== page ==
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The one and only

By David Wilson

Looking back, I suppose I was becoming a bit of a bore this past winter as I ploughed through Tune In, the first volume of Mark Lewisohn’s epic three-part history of The Beatles. I could not contain my excitement over the trove of revelations in the book’s 900 pages — eyes began to roll as I relayed each new discovery to anyone who would listen.

Lewisohn is the world’s leading authority on the four young men from Liverpool whose music changed history. The book follows The Beatles as far as New Year’s Eve, 1962, as they are on the verge of conquering Britain, then the world. The depth of Lewisohn’s research is staggering. Ever wondered about the typeface used on the band’s first fan-cards? Gill Sans. Their first suits? Dark blue mohair, single-breasted, three-button with narrow lapels, purchased at an 18-percent discount. Total hours onstage during their first two stints in Hamburg in 1961 and 1962? 918, or the equivalent of 612 90-minute shows.

You get the picture. The astonishing amount of detail in the book — amplified in footnotes and duly sourced in 77 pages of endnotes — strips away the layers of myth that have come to cloak The Beatles’ narrative and lays bare the infinitely more compelling reality beneath. This telling does not diminish them; if anything, it makes their journey from rebellious teenage louts to enduring global icons all the more breathtaking.

As a journalist, I found the depth of detail exhilarating; as a person, I found it a little unsettling. Dozens of factors coalesced to transform a ragtag combo playing for pocket change in shabby clubs around Liverpool into world-changers. Remove even one tiny piece from the puzzle, and The Beatles likely never happen: if Britain doesn’t begin to phase out the National Service as the band is starting out, the members likely get conscripted; if Brian Epstein doesn’t get arrested in a London morality sting, he probably becomes an actor instead of the band’s manager; if George Harrison doesn’t make a cheeky crack about producer George Martin’s tie, The Beatles’ first recording session ends in failure instead of Martin being charmed and willing to give them another try.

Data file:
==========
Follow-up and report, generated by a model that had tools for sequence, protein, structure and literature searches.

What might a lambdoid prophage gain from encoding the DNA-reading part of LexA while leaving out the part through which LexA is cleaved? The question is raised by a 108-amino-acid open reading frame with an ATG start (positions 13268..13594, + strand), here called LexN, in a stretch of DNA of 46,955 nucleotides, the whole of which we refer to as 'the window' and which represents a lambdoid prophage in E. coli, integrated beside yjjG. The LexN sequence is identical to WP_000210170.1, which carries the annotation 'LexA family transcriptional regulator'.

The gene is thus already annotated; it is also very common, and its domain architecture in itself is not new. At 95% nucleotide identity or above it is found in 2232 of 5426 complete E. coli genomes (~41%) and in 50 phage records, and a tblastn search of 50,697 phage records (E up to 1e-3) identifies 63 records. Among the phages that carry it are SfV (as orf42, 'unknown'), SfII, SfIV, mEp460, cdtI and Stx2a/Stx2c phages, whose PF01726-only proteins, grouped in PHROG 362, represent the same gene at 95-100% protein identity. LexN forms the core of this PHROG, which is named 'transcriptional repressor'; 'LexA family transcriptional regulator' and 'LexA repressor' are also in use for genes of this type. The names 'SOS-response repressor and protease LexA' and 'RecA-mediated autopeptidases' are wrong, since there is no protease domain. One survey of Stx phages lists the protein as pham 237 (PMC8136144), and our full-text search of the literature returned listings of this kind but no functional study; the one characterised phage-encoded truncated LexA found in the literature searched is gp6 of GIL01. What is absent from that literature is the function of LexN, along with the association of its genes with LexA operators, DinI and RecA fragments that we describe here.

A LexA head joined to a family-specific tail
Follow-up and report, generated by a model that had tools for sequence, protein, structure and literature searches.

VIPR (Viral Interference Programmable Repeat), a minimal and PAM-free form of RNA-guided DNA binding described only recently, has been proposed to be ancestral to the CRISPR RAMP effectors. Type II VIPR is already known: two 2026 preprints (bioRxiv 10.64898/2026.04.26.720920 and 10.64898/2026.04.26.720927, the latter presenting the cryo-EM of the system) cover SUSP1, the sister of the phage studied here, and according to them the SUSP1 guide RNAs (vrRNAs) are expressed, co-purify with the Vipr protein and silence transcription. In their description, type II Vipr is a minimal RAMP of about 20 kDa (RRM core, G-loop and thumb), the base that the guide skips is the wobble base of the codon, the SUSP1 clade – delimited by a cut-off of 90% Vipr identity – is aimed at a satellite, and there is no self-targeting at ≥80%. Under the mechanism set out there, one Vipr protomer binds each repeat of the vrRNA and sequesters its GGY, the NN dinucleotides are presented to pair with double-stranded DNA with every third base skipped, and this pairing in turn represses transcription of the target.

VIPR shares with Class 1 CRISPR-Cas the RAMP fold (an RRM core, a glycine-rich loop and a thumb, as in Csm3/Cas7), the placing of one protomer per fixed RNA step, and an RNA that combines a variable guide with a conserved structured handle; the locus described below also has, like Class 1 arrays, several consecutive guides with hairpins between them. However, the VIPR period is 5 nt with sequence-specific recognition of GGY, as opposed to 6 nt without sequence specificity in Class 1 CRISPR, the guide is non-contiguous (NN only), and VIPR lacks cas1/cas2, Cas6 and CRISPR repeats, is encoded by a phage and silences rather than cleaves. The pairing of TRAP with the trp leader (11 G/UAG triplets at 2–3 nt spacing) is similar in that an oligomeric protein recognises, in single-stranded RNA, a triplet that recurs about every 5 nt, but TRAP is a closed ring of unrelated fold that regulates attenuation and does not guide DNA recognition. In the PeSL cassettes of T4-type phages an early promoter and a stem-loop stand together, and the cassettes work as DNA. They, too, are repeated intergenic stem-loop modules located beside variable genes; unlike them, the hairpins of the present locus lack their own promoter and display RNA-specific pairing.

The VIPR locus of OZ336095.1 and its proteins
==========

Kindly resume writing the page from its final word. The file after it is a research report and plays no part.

Contemplating the what-ifs in The Beatles’ story got me thinking about the serendipity of life generally. So much of what they became turned on chance, just as so much of what we all become turns on little twists of fate whose significance is rarely evident at first but which ripple through our narratives to the end: the missed phone call; the left turn taken instead of the right; the “send” button hit by mistake. We may be greater than the sum of our parts, but none of us completely control what those parts are, or will be. To a degree, we are all creatures of serendipity.

Most of us are reluctant to dwell on this: it’s unnerving. So we run to the safety of the bigger picture — the choices we freely make, the things we can control. But we can’t hide forever; inevitably, something forces us to consider the minutiae that have shaped us. As unsettling as it might be, it’s also enriching — a simultaneous affirmation of our singularity and of our connection to every other thing touched by chance.

I was among the hundreds of millions of fans heartbroken when The Beatles broke up in 1970. The anguish was deepened by the sense that there would never be anything like them again. Tune In makes it clear there never could be: the serendipity that helped shape them was too uniquely theirs. There could never be another us, either, and we should live accordingly. 

Author's photo
David Wilson is the editor-publisher of The Observer.
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